The trend to the early use of higher-efficacy disease-modifying therapies (DMT) in the management of MS was put on pause during the pandemic due to concerns about the effects of these agents on the immune response to SARS-CoV-2 and, latterly, to COVID-19 vaccination. However, as the pandemic dragged on, it became impractical to interrupt or delay treatment, and current DMT recommendations now emphasize that the risks of undertreated MS outweigh the possible risks of COVID, especially in a younger population.
The usual rationale for early, effective treatment is the limited time window during which DMTs may change the slope of disability worsening. However, ‘early’ may be something of a misnomer. ‘Early’ is generally defined as within two years of disease onset, although time of onset is poorly defined. RIS/CIS and the emerging concept of the MS prodrome have further muddied when MS can be said to have begun (Wijnands et al. Eur J Neurol 2019;26:1032-1036).
Moreover, patients’ recall of symptom onset is likely to be unreliable and may not prompt a physician visit. In the NOVO study, the median time from symptom onset to physician visit was 19 months (Fernandez et al. J Neurol 2010;257:1500-1507). The overall time from onset to diagnosis was 24.9 months. This likely underestimates the problem. Health Canada estimates that the mean time from symptom onset to MS diagnosis is five years; the mean age at diagnosis is 37 years (Gilmour et al. Health Canada, Health Reports, 17 January 2018). While this later age at diagnosis runs contrary to expectations, it is consistent with patient populations enrolled in RMS trials over the past decade, such as ASCLEPIOS and FREEDOMS (Hauser et al. N Engl J Med 2020;383:546-557. Kappos et al. N Engl J Med 2010;362:387-401). This suggests the window of opportunity is already partially closed when treatment is initiated, mitigating some of the expected benefits of early treatment (Chalmer et al. Eur J Neurol 2018;25:1262-e110).
Most of these earlyish patients initiate treatment with a modestly effective DMT, a strategy that has been called the conservative approach (Grand’Maison et al. Neural Regen Res 2018;13:1871-1874). This conservatism is generally associated with poor long-term outcomes, as long-term studies have shown, and some authors have recently noted (Stankiewicz & Weiner. Neurol Neuroimmunol Neuroinflamm 2020;7:e636). With glatiramer acetate, 23% of patients reached EDSS 6.0 after a mean of 5.6 years (Ford et al. Mult Scler 2010;16:342-350). In the PRISMS trial, 19.7% on high-dose interferon-β-1a progressed to EDSS 6.0 within 7 years (Kappos et al. Neurology 2006;67:944-953). With interferon-β-1b, 35.7% reached EDSS 6.0 after a median exposure to high-dose therapy of 8 years (Ebers et al. J Neurol Neurosurg Psychiatry 2010;81:907-912).
The more assertive approach that has emerged in recent years is to escalate to a higher-efficacy therapy within the first two years in patients with breakthrough disease activity (Freedman et al. Can J Neurol Sci 2020;47:437-455). A concern, however, is that the benchmark of breakthrough disease activity may not adequately predict worsening disease. Sormani and colleagues stratified risk according to a modified Rio scoring system (Sormani et al. Mult Scler 2013;19:605-612). In the lowest risk group (score 0: no relapses, < 4 T2 lesions at 1 year), 24% progressed over the next three years; in the modest risk group (score 1: 1 relapse and ≤ 4 T2 lesions or 0 relapses and >4 T2 lesions), one-third had early worsening. Studies have shown that clinically stable patients switched to a higher-efficacy DMT will have significant reductions in disease activity and neurofilament-light levels (de Flon et al. Neurology 2016;87:141-147). Even achieving no evidence of disease activity (NEDA) does not appear to be highly predictive of long-term outcomes (Rotstein et al. JAMA Neurol 2015;72:152-158). Indeed, in the EPIC study, there was a trend to worse EDSS scores over the long term in patients with early NEDA (Cree et al. Ann Neurol 2016;80:499–510).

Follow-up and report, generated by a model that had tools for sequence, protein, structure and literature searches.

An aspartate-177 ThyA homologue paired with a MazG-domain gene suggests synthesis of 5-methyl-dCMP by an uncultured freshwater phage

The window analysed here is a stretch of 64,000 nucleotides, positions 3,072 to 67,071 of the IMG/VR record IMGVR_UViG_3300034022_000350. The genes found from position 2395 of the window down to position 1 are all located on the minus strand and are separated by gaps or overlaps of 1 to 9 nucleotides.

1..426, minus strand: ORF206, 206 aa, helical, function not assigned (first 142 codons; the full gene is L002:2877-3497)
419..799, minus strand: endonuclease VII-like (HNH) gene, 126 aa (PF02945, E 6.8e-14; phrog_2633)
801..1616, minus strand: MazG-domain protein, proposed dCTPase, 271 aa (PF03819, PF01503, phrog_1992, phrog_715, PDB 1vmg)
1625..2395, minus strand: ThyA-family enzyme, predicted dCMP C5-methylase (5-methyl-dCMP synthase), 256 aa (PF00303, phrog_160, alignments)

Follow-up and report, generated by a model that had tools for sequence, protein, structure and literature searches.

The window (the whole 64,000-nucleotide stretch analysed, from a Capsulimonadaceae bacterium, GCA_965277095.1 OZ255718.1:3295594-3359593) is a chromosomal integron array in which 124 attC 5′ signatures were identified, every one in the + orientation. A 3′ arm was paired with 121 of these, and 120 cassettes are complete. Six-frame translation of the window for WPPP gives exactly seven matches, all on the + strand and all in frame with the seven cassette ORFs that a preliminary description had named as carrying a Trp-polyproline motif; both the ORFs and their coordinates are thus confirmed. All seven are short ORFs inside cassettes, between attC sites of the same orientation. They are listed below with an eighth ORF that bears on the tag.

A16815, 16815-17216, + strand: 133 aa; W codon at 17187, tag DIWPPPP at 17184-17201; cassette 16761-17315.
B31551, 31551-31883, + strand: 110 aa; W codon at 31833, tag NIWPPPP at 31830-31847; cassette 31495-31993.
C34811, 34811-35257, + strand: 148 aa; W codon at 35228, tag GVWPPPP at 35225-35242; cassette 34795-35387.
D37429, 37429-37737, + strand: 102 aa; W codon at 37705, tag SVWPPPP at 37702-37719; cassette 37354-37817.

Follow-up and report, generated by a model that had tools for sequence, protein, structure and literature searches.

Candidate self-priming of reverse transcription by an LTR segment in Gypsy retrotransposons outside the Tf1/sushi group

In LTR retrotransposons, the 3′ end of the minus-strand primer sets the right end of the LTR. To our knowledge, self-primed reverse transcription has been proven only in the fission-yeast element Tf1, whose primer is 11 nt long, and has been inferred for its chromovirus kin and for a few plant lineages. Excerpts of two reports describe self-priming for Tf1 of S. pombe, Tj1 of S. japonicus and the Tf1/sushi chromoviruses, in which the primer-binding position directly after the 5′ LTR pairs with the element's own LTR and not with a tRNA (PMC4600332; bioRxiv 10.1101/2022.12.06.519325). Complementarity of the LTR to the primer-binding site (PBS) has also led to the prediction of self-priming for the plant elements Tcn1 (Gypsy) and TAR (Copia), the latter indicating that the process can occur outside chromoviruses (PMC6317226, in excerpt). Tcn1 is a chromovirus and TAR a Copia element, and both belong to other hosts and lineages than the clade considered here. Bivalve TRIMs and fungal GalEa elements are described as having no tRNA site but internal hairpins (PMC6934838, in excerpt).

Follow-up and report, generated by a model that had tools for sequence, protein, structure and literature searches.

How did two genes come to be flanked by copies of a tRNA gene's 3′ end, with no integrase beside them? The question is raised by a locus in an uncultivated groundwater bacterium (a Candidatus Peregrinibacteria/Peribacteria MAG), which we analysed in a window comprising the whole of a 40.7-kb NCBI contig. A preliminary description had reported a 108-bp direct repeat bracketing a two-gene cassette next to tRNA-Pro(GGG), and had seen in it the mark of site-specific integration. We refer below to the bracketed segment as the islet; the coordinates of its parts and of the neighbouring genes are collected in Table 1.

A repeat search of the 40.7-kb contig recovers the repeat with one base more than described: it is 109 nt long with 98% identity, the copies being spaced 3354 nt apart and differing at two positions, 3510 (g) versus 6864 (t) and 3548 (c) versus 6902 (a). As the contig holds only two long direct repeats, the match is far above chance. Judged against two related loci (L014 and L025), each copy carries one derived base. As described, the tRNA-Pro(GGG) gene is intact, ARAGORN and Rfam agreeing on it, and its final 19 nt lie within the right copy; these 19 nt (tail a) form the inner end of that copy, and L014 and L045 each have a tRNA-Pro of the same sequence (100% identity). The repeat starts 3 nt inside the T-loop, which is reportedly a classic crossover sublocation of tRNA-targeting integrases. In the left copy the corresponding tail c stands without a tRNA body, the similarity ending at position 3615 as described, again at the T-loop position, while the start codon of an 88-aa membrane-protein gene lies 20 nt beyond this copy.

An escalation approach may result in significant delays in effective treatment. This was evident in a study comparing escalation (ESC) versus early intensive therapy (EIT) (Harding et al. JAMA Neurol 2019;76:536-541). Despite close monitoring of the ESC group, 60% experienced sustained accumulation of disability and a mean worsening in EDSS score of 1.2 points before they were escalated. The authors concluded that clinical/MRI surveillance may not be sufficiently responsive, and that current criteria for justifying more intensive therapy are too stringent.
Over a decade ago, the concept emerged that the clinical course of MS was dependent on age rather than disease activity (Confavreux & Vukusic. Brain 2006;129:606-616). In that natural history study, the time to reach disability milestones was determined by the patient’s age, not by their relapses. With subsequent observations on the effect of MS on the aging brain, some authors have suggested that an age-related treatment strategy would be appropriate. According to this view, a more rational strategy would be to initiate a high-efficacy DMT in patients younger than age 40 to obtain the maximal treatment benefit, with the plan to de-intensify therapy in older patients to reduce the risk of infections and other complications related to immune senescence (Stankiewicz & Weiner, 2020). During a pandemic, such an approach might be especially appropriate in younger patients, even those with apparently stable disease, whose risk of early MS worsening is greater than it is for severe COVID-19.